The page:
2015 Minato Citizen's University at Temple University, Japan Campus: "The Olympics"

As the 2020 Tokyo Olympics approach, this series of lectures will examine how the Olympics will impact the Japanese economy, politics and culture, as well as what has been the meaning of the Olympics for past host countries. Four lecturers will give talks providing international points of view in their fields of expertise. The lectures are in English and will prove informative to anyone with an interest in the internationalization agenda and movement.

Scene from previous year's Minato Citizen's University.

November 2, 4, 6, & 10
19:00-20:30 (Doors open at 18:30)
Temple University, Japan Campus, Mita Hall 5F (Access)
2,500 yen for four lectures (tax included).
Bank transfer prior to the first session is required. Non-refundable.
TUJ will notify bank account details by e-mail.
50 (first-come, first-served basis)
Registration closed

Lecture 1

Tokyo 2020: Developing the Social Infrastructure for Globalization
Bruce Stronach, Dean, TUJ (Profile)

Every time host cities bid for the Olympics, the physical infrastructure of the games plays a paramount role. In "selling" the Olympic bid to domestic audiences, as well as to the Olympic Committee, the future, post-Olympic use of the infrastructure is very important. The impact of the 1964 Olympics on Tokyo's infrastructure as a city rebuilding from devastation to become a leading international center is legendary and includes the dissemination of color TV, the Shinkansen, and the Yoyogi and Komazawa complexes.

There has again been a great deal of discussion and controversy over the infrastructure being developed to support the 2020 Olympics, but although the physical infrastructure was critical in helping Tokyo develop as an international city in the 60s and 70s, in the 21st century the development of Tokyo's social infrastructure will be much more important than the physical infrastructure. It will be as critical in helping Japan develop a truly global economy as the physical infrastructure was in helping Tokyo develop as an international city.

Lecture 2

Are Japanese Citizens Prepared to Host the Olympics?: Debates Surrounding Foreign Language Education in Japan
Sachiko Horiguchi, Assistant Professor of Anthropology, TUJ (Profile)

With the 2020 Tokyo Olympics approaching, we have seen a rise in discourses that assert a strong need for improving foreign language education in Japan, particularly English language education, so that Japanese citizens will be better prepared to welcome a large number of athletes, news media, and tourists that are expected to visit Japan during and after the Olympics. These discourses resonate with long-standing internal debates about the "failure" of foreign language education in cultivating citizens that possess proficiency in communicative English. A history of these debates in modern Japan will be presented, pointing to their relevance to Japanese educational policies.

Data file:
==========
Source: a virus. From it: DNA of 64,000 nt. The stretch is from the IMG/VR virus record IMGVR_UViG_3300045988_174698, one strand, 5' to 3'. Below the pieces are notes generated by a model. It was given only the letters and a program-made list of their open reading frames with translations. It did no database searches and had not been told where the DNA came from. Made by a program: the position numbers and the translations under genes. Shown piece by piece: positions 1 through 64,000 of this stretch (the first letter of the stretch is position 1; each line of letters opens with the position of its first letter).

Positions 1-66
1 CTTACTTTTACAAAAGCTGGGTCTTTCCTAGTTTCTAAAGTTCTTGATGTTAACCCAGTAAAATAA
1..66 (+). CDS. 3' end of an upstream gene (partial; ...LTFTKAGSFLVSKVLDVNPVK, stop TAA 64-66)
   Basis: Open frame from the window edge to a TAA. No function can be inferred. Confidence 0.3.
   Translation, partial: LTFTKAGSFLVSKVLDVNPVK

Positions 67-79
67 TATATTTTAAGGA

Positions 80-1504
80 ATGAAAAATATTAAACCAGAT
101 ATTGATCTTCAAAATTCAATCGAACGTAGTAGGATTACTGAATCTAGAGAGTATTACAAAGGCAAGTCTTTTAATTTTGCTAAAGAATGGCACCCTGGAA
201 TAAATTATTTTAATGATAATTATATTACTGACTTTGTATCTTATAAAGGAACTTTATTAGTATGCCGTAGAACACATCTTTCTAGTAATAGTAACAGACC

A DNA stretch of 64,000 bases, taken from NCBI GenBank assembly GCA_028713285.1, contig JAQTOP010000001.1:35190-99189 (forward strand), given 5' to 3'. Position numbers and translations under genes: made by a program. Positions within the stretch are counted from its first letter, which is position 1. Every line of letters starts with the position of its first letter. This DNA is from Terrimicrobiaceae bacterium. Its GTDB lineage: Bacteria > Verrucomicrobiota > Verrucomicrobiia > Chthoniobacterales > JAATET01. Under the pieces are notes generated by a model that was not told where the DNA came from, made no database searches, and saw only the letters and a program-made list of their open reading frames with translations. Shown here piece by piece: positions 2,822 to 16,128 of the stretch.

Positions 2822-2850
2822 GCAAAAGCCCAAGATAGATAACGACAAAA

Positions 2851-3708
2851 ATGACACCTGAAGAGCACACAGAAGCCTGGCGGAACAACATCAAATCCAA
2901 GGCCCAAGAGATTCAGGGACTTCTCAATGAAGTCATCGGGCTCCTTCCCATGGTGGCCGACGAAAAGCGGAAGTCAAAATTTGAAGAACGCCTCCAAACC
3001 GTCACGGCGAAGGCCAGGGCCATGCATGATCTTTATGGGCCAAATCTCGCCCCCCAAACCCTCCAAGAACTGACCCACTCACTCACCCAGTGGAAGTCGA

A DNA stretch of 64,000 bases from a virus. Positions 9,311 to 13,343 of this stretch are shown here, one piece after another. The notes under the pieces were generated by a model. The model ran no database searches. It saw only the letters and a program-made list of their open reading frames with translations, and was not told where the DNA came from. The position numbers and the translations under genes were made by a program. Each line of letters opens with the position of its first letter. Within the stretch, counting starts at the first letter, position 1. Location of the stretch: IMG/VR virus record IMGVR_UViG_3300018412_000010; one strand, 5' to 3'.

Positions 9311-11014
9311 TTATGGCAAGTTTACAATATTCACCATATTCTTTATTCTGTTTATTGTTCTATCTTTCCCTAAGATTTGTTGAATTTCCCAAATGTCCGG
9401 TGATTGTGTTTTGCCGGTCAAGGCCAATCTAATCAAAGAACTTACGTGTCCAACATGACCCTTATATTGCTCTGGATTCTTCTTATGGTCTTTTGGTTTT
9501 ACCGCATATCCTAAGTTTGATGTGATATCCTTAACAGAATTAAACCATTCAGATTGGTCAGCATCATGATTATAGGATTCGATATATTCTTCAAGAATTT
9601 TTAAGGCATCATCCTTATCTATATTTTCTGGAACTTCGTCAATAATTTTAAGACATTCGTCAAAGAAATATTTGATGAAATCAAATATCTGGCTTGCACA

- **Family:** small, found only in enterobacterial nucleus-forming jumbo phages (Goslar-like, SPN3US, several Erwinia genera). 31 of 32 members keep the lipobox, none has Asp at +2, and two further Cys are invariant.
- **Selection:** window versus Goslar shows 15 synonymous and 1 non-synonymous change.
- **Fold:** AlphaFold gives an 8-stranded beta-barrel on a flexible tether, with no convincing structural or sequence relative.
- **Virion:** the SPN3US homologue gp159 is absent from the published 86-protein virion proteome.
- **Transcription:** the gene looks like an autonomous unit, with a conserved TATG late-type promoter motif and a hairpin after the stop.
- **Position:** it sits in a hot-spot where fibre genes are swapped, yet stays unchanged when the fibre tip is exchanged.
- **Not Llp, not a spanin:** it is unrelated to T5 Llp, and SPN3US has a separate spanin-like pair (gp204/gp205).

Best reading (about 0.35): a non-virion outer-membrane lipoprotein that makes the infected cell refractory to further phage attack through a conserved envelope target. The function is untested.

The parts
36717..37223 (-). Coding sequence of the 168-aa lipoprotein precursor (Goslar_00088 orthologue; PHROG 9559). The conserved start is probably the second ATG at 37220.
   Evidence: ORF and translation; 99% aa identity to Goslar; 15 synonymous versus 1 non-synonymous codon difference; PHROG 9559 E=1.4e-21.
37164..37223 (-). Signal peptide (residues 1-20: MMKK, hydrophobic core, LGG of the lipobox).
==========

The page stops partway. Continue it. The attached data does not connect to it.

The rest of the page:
Lecture 3

Hosting the Olympics and Thinking Cross-nationally
Alistair Howard, Chief Academic Officer and Associate Dean / Associate Professor of Political Science, TUJ (Profile)

Hosting the Olympic Games means opening doors to the world. But does the arrival of thousands of foreign athletes, tourists, journalists, and leaders promote intellectual openness in the host country? Is it possible that people in host-countries become more international, cross-national, or cosmopolitan in the way they think about themselves and their own nation? Do the Olympics challenge or reinforce national parochialism and exceptionalism? I offer a framework for thinking about national self-perception, suggest ways international events might promote change, and give evidence from past Olympic Games in Britain, Japan and the United States.

Lecture 4

The Olympics: What can Tokyo 2020 learn from London 2012 and Sochi 2014?
James Brown, Assistant Professor of Political Science, TUJ (Profile)

Each Olympics is unique, yet host cities can learn much from the experiences of their predecessors. This lecture examines the successes and failings of the most recent Summer and Winter Olympics and seeks to draw lessons for Tokyo 2020. In particular, attention will be given to the question of the extent to which the Olympic Games can be used as an effective means of promoting the international image of the host country.